So, as we learn and play, we have to help ourselves, or our students by giving us all that we can to work with who we are. And then, it is to allow ourselves to give all that our unique personality has to give. I think that there are too many rules of what learning is supposed to be when in truth, the only rule that should be is how to make your learning process as quick, efficient and easy as possible. One can do something to make a point, but if you are wasting time, and life is short, then the only point you are making is losing time and time is precious as life is, these days, very fast.

As teachers, we can help by helping the students work with who they are and giving them tools to make it easier, working with each person to help them. Yes, we teach fundamentals, but we are not teaching for us and what we know, but rather have to help the person in front of us be able to use these skills and unlock themselves.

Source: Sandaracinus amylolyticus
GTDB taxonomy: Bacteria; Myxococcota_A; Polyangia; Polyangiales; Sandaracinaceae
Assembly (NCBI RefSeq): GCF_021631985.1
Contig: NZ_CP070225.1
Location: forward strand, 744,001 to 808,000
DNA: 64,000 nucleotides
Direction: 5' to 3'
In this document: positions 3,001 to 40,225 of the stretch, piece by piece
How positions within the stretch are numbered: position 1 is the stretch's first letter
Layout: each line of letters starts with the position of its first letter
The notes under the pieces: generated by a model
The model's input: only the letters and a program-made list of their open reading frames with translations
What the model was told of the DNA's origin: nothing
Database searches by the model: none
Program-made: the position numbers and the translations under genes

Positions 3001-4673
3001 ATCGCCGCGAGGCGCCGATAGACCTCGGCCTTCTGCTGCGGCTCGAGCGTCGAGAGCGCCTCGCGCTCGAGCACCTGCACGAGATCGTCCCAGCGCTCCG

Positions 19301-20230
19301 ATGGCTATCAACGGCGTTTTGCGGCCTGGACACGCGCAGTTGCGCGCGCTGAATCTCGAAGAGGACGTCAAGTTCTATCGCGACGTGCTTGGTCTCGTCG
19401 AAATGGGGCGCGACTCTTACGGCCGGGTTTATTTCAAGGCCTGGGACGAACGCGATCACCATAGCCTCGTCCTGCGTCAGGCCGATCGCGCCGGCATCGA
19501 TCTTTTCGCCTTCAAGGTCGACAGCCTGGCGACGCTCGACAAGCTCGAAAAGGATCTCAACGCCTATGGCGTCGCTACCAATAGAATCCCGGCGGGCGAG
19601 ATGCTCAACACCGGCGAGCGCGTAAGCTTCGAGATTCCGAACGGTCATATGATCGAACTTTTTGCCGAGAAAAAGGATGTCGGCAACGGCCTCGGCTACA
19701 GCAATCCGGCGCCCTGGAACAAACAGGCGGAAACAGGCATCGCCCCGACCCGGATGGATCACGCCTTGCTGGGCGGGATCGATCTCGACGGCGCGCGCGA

And above all, make it fun! When we learn to love what we do and give the most that we can, this joy really communicates to the audience. Enthusiasm radiates an incredible energy that brings forth not only our best and who we are, but it brings the music to life and establishes an incredible link with those listening to us. It allows one to let go of their fears and give all that they can and especially all that they are. Work with who you are, make your life as easy as possible, and then see yourself grow quickly more than you ever thought possible.


P.S. As an aside, here is a live recording of the Lekeu Sonata from one of the performances in that recent tour of Ontario that was in my last blog. Audiences loved discovering this work, and I thought that for those who have not heard it, this might be an opportunity to share it and for you to discover it as well. I love this work! Hope you enjoy it…

From Laurie Niles
Posted on February 25, 2014 at 5:18 PM